Figure 4: DMM in circuit to measure Figure 5: DMM in circuit to measure


current through resistor. voltage across resistor.

A-1. Choose one of the resistors you have been given. Record its colour codes in Data Table 1.
Use DMM to measure the resistance of the resistor and record it as R in Data Table 1.
A-2. Measuring current. Construct the circuit shown in Figure 4 by pressing the leads of
the resistor into two of the springs in the experimental section on the circuits experiment
board.
A-3. Connect the circuit and read the current that is flowing through the resistor. Record
this value as I in Data Table 1.
A-4. Remove the resistor and choose another. Record its resistance value as R in Data Table 1
then measure and record the currents as in steps A-2 and A-3. Repeat the process until
you have TEN sets of data.
A-5. Measuring voltage. Disconnect the DMM and connect a wire from the positive lead
(spring) of the battery directly to the first resistor you used as shown in Figure 5.
Measure the voltage across the resistor and record it as ∆V in Data Table 1.
A-6. Remove the resistor and choose the next one you used in step A-4. Record its voltage
in Data Table 1 as in step A-5. Repeat the process until you have completed all of the
resistors used in step A-4.

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Part B: Series Circuit

In this part of the experiment, we will investigate the behaviours of resistors in a series circuit.

B-1. Choose THREE unequal resistors that you have been given. We will refer to one as #1,
another as #2 and the third as #3. Use the DMM to measure the resistance of each of
your three resistors. Enter these values as R1 , R2 and R3 respectively in Data Table 2.

Figure 6: Resistors in a series circuit.

B-2. Now connect the three resistors into the SERIES CIRCUIT as in Figure 6, using the
spring clips on the circuits experiment board to hold the leads of the resistors together
without bending them.
B-3. Measure and record the resistances of the combinations R12 , R23 and R123 by connecting
the leads of the DMM between the points at the ends of the arrows. Record your readings
in Data Table 2.

Figure 7: Voltages in series circuit.

B-4. Now connect two wires to the D-cell to the resistor combination as in Figure 7.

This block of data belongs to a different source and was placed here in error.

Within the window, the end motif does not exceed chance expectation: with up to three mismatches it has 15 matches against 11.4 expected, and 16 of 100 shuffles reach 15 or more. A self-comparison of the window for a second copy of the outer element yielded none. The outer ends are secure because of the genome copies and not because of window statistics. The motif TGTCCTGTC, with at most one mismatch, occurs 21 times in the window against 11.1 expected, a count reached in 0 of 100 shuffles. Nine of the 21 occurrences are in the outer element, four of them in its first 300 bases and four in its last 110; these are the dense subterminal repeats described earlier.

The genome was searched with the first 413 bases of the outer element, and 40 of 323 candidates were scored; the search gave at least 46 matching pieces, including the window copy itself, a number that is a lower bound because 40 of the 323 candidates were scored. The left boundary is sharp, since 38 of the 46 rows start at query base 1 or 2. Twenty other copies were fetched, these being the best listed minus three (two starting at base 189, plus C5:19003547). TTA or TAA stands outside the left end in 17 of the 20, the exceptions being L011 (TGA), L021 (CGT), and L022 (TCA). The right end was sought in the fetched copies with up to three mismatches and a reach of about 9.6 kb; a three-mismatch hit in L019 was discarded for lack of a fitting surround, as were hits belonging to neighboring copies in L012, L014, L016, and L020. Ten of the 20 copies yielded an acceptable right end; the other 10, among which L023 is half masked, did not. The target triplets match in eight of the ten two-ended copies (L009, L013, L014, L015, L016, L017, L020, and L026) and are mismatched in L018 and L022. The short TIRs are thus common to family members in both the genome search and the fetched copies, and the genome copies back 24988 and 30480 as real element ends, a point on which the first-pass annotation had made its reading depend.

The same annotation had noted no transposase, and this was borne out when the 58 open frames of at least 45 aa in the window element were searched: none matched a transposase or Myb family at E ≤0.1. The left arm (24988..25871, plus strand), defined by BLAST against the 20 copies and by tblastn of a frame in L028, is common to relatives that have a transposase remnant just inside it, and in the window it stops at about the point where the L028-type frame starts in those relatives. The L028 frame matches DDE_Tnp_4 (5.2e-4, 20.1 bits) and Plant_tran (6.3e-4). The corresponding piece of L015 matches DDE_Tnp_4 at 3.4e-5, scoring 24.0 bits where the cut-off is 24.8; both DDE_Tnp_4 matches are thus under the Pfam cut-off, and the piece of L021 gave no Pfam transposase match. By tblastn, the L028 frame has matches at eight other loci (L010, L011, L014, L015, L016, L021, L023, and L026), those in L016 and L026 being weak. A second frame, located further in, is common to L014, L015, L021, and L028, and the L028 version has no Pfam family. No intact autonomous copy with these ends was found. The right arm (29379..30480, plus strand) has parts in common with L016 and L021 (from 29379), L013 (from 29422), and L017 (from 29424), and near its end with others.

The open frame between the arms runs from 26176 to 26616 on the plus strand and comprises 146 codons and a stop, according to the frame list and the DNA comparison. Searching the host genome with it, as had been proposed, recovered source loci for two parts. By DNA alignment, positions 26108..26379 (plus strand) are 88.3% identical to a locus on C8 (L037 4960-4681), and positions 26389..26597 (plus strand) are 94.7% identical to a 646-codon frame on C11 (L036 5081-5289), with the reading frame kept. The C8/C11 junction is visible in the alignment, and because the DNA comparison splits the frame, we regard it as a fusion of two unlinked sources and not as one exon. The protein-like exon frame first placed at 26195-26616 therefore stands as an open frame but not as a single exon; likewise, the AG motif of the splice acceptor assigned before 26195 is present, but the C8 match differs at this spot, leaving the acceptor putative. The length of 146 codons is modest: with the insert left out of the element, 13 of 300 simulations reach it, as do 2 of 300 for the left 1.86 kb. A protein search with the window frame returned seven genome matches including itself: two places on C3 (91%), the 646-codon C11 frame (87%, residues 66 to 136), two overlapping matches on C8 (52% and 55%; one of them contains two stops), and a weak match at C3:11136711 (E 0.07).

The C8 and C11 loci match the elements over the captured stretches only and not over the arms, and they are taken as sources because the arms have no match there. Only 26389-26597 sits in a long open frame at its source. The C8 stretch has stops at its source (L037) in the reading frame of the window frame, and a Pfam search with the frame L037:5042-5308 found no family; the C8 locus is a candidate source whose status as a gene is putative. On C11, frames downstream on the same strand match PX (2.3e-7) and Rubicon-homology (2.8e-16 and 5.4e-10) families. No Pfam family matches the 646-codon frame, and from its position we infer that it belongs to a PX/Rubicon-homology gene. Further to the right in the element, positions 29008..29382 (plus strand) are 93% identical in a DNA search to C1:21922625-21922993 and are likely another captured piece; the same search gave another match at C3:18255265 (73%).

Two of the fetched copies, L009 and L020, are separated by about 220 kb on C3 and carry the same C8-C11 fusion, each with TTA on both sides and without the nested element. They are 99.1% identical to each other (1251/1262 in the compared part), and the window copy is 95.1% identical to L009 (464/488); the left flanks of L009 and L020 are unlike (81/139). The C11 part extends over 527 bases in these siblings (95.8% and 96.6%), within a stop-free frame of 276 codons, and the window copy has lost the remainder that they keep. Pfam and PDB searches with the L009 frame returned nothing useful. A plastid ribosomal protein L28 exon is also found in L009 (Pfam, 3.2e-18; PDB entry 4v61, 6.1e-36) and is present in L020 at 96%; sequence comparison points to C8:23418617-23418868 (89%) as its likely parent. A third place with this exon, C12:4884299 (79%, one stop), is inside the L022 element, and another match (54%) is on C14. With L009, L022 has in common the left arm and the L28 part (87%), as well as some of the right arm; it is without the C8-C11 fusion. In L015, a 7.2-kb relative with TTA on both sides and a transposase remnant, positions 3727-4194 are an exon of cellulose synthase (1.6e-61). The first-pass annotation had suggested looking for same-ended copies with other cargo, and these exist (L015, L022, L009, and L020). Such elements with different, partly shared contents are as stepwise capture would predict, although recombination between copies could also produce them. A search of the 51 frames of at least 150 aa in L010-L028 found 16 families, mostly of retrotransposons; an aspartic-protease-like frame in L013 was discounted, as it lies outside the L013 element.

B-5. Use the voltage function on the DMM to measure the potential differences across the
individual resistors (∆V1 , ∆V2 and ∆V3 ) and then across the combinations of resistors
(∆V12 , ∆V23 and ∆V123 ). Record your readings in Data Table 2.

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Figure 8: Currents in series circuit.

B-6. Now change the leads in your DMM so that they can be used to measure current. In
order to measure current, the circuit must be interrupted and the current allowed to flow
through the meter. Disconnect the lead wire from the positive terminal of the battery
and connect it to the red (+) lead of the meter. Connect the black (-) lead to R1 , where
the wire originally was connected. Record your reading in Data Table 2 as I0 .
B-7. Move the DMM to the positions indicated in Figure 8, each time interrupting the circuit
and carefully measuring the current in each one. Record your readings in Data Table 2.

Part C: Parallel Circuit

In this part of the experiment, we will investigate the behaviours of resistors in a parallel
circuit.

C-1. Choose THREE unequal resistors that you have been given. We will refer to one as a,
another as b and the third as c. Use the DMM to measure the resistance of each of your
three resistors. Enter these values as Ra , Rb and Rc respectively in Data Table 3.

Figure 10: Currents in parallel cir-


Figure 9: Voltages in parallel circuit. cuit.

C-2. Construct a PARALLEL CIRCUIT using all three resistors as in Figure 9. Measure and
record the resistances of the combination Rabc in Data Table 3.

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C-3. Use the voltage function on the DMM to measure the potential differences across the
individual resistors (∆Va , ∆Vb and ∆Vc ) and then across the combination of resistors
(∆Vabc ). Record your readings in Data Table 3.
C-4. Connect the parallel circuit as in Figure 10 using all three resistors. Review the in-
struction for connecting the DMM as an ammeter. Connect it first between the positive
terminal of the battery and the parallel circuit junction to measure I0 . Then interrupt
the various branches of the parallel circuit and measure the individual branch currents.
Record your measurements in Data Table 3.

Part D: Combination Circuit

In this part of the experiment, we will investigate the behaviours of resistors in a simple
combination circuit.

D-1. Choose THREE unequal resistors that you have been given. We will refer to one as A,
another as B and the third as C. Use the DMM to measure the resistance of each of
your three resistors. Enter these values as RA , RB and RC respectively in Data Table 4.

Figure 11: Resistors in a combination circuit.

D-2. Connect the COMBINATION CIRCUIT as in Figure 11. Measure and record the various
combinations of resistance RBC and RABC in Data Table 4.
D-3. Use the voltage function on the DMM to measure the potential differences across the
individual resistors (∆VA , ∆VB and ∆VC ) and then across the combinations of resistors
(∆VBC and ∆VABC ). Record your readings in Data Table 4.
D-4. Change the leads in your DMM so that they can be used to measure current. Connect
it first between the positive terminal of the battery and the resistor RA to measure I0 .
Then interrupt the resistor RA and the parallel circuit junction to measure IA . Interrupt
the various branches of the parallel circuit and measure the individual branch currents,
i.e. IB and IC . Lastly connect it between the negative terminal of the battery and the
parallel circuit junction to measure I4 . Record your measurements in Data Table 4.

Last updated: Tuesday 13th January, 2009 1:38pm (KHCM)